N: Which issue would you like to see brought up during the federal election?

JM: The competitiveness of the Canadian economy is core. How do we deal with the cost of doing business? How do we deal with the regulatory burden on Canadian businesses relative to other jurisdictions? How do we get a reasonable process for getting major projects approved and built in Canada? The difficulty over pipelines has damaged our reputation as a country that can get things done. And so, I think we need to figure that out. We are rich in natural resources, but if we don’t get them to market then it does us no good.

N: The Federal Court granted leave to hear appeals on the approval of TransMountain last week. How do you see that moving ahead?

JM: There’s been very little appreciation for the fact that there are a lot of processes that are built into our laws that need to be addressed. But it’s interesting that the court, in overturning the initial approval, didn’t do so because of any fault in the proponent. It found that the government, in two of its roles, had failed to do what it was required to do: consult with Indigenous peoples and adequately, in the case of the National Energy Board, address some habitat concerns. So, I think that the recent decision on this matter really is promising. The court is willing to hear arguments, but I think it’s pretty clear that it is also losing some patience. The way I read the decision is that the Federal Court has laid out a roadmap for getting things done. It basically said, ‘We want to hear arguments soon on this.’

N: I want to ask you a question in light of the handling of the arrest of Huawei’s Meng Wanzhou. Do we need to take another look at our extradition laws?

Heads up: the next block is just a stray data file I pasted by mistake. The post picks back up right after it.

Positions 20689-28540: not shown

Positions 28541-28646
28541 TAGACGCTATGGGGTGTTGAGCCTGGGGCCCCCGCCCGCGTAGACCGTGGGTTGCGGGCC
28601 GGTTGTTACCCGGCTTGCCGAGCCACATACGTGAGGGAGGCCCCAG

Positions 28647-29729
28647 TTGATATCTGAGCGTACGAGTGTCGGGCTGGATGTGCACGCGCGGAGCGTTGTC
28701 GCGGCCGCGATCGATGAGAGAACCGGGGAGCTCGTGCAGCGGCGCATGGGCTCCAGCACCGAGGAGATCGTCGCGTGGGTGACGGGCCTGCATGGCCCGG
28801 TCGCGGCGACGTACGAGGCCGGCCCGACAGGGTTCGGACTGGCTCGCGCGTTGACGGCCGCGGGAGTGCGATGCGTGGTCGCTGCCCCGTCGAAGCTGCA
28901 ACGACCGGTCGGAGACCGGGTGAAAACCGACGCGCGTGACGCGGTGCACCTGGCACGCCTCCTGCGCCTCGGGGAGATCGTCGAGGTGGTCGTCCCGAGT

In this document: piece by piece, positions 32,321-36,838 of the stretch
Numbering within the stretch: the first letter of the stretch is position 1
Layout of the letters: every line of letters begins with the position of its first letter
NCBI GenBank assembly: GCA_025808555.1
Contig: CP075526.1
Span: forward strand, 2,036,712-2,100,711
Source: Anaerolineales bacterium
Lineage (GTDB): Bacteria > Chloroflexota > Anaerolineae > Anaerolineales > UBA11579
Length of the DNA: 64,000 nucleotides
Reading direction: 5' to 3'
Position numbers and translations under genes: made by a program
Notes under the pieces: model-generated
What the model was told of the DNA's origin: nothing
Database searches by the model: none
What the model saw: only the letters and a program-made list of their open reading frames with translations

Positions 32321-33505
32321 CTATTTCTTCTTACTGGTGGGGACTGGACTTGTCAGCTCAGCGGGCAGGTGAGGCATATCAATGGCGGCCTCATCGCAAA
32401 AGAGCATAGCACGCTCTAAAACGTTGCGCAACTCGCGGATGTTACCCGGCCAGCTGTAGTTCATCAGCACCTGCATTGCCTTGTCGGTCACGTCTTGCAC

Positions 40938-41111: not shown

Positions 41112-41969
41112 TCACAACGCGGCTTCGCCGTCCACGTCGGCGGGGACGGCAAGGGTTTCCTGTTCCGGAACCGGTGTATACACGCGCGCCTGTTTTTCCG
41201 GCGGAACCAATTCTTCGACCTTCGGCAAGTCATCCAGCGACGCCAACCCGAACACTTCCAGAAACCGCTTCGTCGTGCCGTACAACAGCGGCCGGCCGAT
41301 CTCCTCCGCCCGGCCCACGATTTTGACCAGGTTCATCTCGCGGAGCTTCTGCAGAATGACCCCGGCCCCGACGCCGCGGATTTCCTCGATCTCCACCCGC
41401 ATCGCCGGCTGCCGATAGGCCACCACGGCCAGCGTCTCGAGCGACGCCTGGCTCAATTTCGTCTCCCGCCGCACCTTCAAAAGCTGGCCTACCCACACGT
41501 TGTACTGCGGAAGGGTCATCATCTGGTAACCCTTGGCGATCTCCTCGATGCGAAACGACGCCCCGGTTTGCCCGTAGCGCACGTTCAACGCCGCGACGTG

JM: Ultimately, extradition is a political matter. And I found it ironic that the government tries to cloak itself in rule of law as restricting its options when the Attorney General clearly has ultimate discretion over it. So clarification of what’s required and when the Attorney General can exercise and should exercise discretion, in my view, would be helpful. But to me, a request to arrest somebody of that importance internationally should ring a lot of alarm bells and requires very careful scrutiny. And I'm on the outside, but I certainly don’t have the impression that it was given that scrutiny at an appropriate point in time at an appropriate level. We’re caught between the U.S. and China on something which is not our issue but is costing Canada quite dearly, and two good young men their freedom. There were ways to simply not arrive at this outcome, including making it clear to Huawei, which has a big corporate presence in Canada, that we had this extradition request. I don’t think there’s anything in the law that prohibits that. This person wasn’t coming to Canada. She was merely transiting through Canada on a trip to Mexico. So, that was easily avoided. But now, we’re totally in the glue and we have to let this process run its course. The only thing that I include in my prayers every night is that the judge makes a decision expeditiously. This also doesn’t help our reputation. As lawyers, we believe that justice delayed long enough is justice denied. And we’ll soon have had this woman in custody for a year. Surely to goodness we can get this to the point of completion.